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How To Find A Financial Professional

Eric Hutchinson | Monday, June 1st, 2009

In a world of increasingly complex financial and economic markets and changing tax laws that can impact the amount of return you receive from your investments, the fact is that most of us could, at one time or another, use some professional financial help and guidance.

“Do it yourself” is a concept that is as American as apple pie. While many of us have probably attempted some form of “do it yourself” activity, there are times when we realize that the research, tools and experience needed to get the job done right require professional assistance. A case in point is organizing your finances. Here are a few tips for finding a financial professional who will suit your needs.

Understanding the Field

Financial professionals may work independently or in groups. They may be independent contractors or may be employed by brokerage firms, banks, insurance companies or mutual fund complexes. Depending on their training and expertise, they may offer advice and assistance on issues such as: setting up and maintaining a budget; reducing taxes; developing and implementing a retirement, estate or charitable giving plan; the appropriateness of specific investment mutual funds, insurance products or other investment vehicles.

One way of identifying the special expertise of a financial advisor is to examine the professional certifications or accreditations he or she has received. These accreditations are earned by completing a series of courses and tests. The most common credentials include:

 CLU (Chartered Life Underwriter) for life insurance professionals;
 CPA (Certified Public Accountant) for tax planning professionals; and
 CFP and ChFC (Certified Financial Planner and Chartered Financial Consultant, respectively)

These are well-respected financial industry certifications given to financial professionals who have proven their knowledge of a wide range of financial planning and investment topics, including estate planning, tax planning, retirement planning and portfolio management.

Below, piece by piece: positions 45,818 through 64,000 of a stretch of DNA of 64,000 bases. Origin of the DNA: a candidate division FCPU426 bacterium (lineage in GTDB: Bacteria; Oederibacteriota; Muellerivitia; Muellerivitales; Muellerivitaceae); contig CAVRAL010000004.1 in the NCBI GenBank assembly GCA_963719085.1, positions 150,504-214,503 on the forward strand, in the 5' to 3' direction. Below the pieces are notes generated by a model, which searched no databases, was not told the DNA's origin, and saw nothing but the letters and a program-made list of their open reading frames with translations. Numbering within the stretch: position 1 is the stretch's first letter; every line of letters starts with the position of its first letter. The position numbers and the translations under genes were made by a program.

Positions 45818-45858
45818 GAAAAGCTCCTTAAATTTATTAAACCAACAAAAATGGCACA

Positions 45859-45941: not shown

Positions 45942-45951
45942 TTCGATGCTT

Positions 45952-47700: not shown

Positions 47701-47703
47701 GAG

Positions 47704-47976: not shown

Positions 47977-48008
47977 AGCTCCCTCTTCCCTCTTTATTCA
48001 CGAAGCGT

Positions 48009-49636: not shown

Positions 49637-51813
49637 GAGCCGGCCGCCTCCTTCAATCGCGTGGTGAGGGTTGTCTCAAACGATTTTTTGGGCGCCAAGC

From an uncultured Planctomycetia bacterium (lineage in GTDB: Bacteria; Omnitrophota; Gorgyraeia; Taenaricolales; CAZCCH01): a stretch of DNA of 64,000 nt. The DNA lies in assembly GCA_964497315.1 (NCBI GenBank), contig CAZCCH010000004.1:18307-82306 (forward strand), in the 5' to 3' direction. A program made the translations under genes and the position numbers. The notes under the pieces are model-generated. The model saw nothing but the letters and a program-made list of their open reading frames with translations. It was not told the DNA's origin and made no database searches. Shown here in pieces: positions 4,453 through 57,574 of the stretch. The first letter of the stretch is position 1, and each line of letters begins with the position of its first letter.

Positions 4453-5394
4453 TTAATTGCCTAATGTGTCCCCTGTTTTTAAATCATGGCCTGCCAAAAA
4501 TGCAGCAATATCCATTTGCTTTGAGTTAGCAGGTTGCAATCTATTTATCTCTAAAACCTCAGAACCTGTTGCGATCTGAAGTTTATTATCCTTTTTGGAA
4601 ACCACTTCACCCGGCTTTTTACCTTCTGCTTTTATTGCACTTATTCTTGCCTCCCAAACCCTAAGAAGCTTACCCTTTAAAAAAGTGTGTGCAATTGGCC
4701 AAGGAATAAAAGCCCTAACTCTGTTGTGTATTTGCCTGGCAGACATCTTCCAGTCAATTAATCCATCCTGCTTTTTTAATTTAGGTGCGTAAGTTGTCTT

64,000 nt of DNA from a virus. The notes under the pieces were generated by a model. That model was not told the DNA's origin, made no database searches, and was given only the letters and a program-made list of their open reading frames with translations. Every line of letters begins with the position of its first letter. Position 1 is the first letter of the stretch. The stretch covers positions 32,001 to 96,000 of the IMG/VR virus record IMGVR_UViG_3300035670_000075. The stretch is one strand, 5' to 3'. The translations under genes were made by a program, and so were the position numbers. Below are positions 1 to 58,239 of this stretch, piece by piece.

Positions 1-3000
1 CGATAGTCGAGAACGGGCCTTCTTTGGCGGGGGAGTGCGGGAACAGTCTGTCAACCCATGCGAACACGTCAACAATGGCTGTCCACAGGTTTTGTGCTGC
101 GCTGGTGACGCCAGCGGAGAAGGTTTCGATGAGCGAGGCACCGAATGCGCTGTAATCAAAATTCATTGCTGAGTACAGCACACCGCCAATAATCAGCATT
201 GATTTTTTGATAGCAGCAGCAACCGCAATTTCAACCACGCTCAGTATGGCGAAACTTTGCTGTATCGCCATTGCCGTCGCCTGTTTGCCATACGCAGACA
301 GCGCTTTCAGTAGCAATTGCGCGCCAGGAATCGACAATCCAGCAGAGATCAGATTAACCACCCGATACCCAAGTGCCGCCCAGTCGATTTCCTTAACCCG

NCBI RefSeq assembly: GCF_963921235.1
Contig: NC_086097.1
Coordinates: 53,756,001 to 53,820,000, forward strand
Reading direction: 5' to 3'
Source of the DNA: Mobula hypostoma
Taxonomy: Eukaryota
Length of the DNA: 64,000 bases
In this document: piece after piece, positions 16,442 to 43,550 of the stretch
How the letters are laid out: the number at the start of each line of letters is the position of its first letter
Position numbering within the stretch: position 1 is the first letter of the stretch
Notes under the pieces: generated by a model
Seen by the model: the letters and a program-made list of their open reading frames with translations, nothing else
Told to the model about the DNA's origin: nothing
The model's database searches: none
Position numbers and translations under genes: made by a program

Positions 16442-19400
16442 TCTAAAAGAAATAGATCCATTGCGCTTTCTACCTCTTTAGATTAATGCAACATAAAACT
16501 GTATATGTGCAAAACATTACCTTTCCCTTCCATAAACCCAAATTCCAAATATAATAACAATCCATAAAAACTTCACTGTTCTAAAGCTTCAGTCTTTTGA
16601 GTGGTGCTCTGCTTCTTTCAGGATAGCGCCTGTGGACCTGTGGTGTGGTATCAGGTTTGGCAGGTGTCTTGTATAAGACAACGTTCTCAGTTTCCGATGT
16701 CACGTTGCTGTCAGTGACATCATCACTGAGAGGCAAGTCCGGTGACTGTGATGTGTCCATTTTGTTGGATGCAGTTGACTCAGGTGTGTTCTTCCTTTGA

Finding the Right Person

You may find professional financial help by attending seminars, asking the advice of a friend or professional adviser-such as your lawyer or accountant-or contacting one of the professional organizations that confer specialized financial industry credentials. Before beginning to work with any financial advisor, however, ask for a preliminary interview so that you can check their training and credentials and make sure that you feel comfortable with them. Most reputable professionals will consent to an interview or initial consultation without charge.

Establishing Trust

To best serve your needs, a financial professional must understand your current financial circumstances and obligations, as well as your goals and future needs. Therefore you must select someone who you feel you can trust with your personal documents and financial information. Most financial professionals will begin by reviewing your tax records, insurance policies, investment statements and other relevant documents. If necessary, they will also consult with your accountant or lawyer. They will want to talk to you about your investing history and your tolerance for risk, as well as about any special family circumstances that could have a financial impact.

Asking the Right Questions

It is important to understand at the outset how a professional will charge for services. Will there be a fee based on assets, an hourly rate, and/or commissions on products purchased?

You will also need to know how much time and attention you will receive on an ongoing basis. What will you be asked to provide? What reports will you receive? Will the professional work with your lawyer, accountant or other advisors to handle complex estate or tax matters?

The bottom line is that you have to be comfortable with the financial professional you select. Ask whatever you feel you need to know. Make sure that you will feel comfortable talking to this person and trust them to listen and exert the time and concern needed to make recommendations that will have a positive impact on your personal financial situation.


Eric Hutchinson, CFP®, CLU is President of Hutchinson Financial, an independent Registered Investment Advisory firm based in Little Rock, Arkansas. Founded in 1988, the firm specializes in retirement planning and is one of the area’s leading independent financial planning and investment management firms.

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